Sunday, November 21, 2010

"Harry Potter is the best hope we have. Trust him."

Since this post will contain some hits and some misses in the first part of the final film installment of the Harry Potter series, PLEASE EXPECT SPOILERS FOR BOTH. Fair warning, okay?

Together with my parents, my sister, and my partner, I saw Harry Potter and the Deathly Hallows Part 1 last night. It was almost like a midnight screening, as the show started at about 10:30pm and ended just before 1:00am.

The first impressive thing I learned: the show was sold out. And this was a midnight screening, on a weekend, two whole days after the movie had opened. In hindsight, this was probably only to be expected. As the trailers advertise, it IS the beginning of the end, not only in-story but also for those who read the books. [At this point I'm not discriminating between the kids for whom the books were originally meant, and all the others - adults, families, parents, and readers - who fell in love with the books.]

The second impressive thing shows up as soon as the movie starts: the logos roll up in complete silence, and they are dark and grim, setting the tone for the whole film. Characters fall like flies, or reveal their hidden facets, and every single person in the film is pushed to their very limits. Voldemort plumbs the depths of evil, and of stupidity; the Malfoys and Bellatrix Lestrange find out what desperation is like; the Ministry of Magic falls to pieces.

Many commentators have already said their piece about the MoM sequences, and I can only add, "Damn right." There are SERIOUS World War II overtones in the story, from the puppet politician in charge to the security force with red armbands.

As for the good characters, well, just look at that film poster to begin with. Harry, Hermione, and Ron go on the run, abandoning families and friends and school and everyone who cares except for each other. This is not an idyll by any means. Things go horribly wrong before they start going right - and what little hope we have at the ending is squashed, hard, by the knowledge that the entirety of the Hogwarts sequences - including the climactic battle - is yet to come.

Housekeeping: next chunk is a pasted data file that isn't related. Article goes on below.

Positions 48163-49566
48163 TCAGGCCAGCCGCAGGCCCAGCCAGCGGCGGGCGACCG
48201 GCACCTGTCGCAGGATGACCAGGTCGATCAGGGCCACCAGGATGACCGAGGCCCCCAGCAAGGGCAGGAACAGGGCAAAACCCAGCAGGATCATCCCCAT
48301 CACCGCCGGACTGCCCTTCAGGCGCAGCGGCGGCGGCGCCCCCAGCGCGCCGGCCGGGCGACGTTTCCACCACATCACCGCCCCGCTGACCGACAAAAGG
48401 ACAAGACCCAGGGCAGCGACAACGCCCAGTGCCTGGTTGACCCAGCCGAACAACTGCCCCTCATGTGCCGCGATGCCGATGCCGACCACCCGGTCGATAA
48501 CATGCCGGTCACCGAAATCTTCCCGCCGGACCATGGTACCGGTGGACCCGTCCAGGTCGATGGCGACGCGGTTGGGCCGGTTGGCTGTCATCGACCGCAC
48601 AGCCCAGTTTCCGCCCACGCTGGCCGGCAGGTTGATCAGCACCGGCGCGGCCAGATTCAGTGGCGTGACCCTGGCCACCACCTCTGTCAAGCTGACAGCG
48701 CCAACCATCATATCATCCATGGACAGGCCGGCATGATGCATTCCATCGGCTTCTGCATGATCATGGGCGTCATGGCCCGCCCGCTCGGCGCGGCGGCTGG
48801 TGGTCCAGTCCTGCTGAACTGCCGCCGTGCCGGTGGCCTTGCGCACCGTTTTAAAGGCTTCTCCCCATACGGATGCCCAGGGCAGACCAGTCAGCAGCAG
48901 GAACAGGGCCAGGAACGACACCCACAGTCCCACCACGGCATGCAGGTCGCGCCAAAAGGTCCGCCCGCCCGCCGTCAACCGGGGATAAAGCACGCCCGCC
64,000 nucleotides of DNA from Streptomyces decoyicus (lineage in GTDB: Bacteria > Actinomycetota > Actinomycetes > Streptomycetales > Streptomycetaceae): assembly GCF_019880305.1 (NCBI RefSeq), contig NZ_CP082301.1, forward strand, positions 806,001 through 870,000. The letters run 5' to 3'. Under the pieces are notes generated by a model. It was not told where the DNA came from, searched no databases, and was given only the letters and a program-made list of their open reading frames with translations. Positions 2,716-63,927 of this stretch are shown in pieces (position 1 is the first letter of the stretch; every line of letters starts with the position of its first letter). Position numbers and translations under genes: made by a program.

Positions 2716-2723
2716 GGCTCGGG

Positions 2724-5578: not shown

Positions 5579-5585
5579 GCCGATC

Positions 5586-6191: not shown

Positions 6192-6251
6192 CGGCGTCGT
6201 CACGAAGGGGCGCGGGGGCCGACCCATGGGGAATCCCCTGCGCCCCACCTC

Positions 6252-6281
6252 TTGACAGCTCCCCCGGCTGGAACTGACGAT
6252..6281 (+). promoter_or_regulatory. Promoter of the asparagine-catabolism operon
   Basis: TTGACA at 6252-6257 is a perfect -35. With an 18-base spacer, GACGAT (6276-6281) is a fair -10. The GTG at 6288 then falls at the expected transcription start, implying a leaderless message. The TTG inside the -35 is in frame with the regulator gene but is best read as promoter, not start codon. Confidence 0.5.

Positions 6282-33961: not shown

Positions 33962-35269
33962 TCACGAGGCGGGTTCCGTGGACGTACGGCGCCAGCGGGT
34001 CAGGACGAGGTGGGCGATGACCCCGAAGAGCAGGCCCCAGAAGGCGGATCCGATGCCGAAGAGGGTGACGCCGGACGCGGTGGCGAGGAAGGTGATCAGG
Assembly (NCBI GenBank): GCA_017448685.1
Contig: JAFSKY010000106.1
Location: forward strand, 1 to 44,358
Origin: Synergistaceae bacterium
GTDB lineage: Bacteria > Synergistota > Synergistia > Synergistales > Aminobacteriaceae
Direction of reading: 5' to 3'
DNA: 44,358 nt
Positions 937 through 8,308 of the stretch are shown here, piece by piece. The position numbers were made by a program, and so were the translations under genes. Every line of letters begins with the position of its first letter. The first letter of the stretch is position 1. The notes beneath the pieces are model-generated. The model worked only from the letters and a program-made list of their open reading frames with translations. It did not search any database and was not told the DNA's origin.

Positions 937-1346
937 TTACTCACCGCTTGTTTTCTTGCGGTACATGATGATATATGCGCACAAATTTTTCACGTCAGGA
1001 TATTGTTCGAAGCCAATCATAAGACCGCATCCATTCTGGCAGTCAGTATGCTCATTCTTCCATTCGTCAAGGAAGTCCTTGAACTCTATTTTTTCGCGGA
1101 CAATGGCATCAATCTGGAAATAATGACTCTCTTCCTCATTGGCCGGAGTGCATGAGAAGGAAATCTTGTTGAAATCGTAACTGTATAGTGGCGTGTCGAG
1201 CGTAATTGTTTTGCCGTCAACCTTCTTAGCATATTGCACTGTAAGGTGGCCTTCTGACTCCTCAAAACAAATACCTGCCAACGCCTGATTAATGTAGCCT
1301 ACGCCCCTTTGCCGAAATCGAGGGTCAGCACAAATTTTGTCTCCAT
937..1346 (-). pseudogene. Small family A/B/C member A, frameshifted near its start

So many deaths. So many sacrifices. And we have to begin with the trio in flight.

Hits and misses after the jump:

The Hits
- The scary and beautiful flight from Privet Drive sequence. We start off giggling and amused with the seven Harry duplicates, but by the end of it we're already starting the casualties list.


- The lovely zipper scene between Harry and Ginny - and yes, that includes George coming in and happily killing the moment.

- Neville standing up on the Hogwarts Express and giving the first indication of his utter badassery.

- The astounding call back to the line "I must not tell lies".

- Hermione helping Ron after he splinches - and then, skillfully, calmly, raising the wards around them, bloody hands and all. Whoever said Hermione was a scaredy-cat will EAT their words in this movie.

[Yes, that includes the scene with Bellatrix: YOU try not to scream while you're being tortured by someone who already scares your entire world shitless.]

- The amazing "Tale of the Three Brothers" sequence.

- Hermione discovering the grave of Ignotus Peverell in Godric's Hollow. Best way to reveal Harry Potter's complete lineage, and the best way of completing the tale above, by showing HOW Harry's family has the Invisibility Cloak.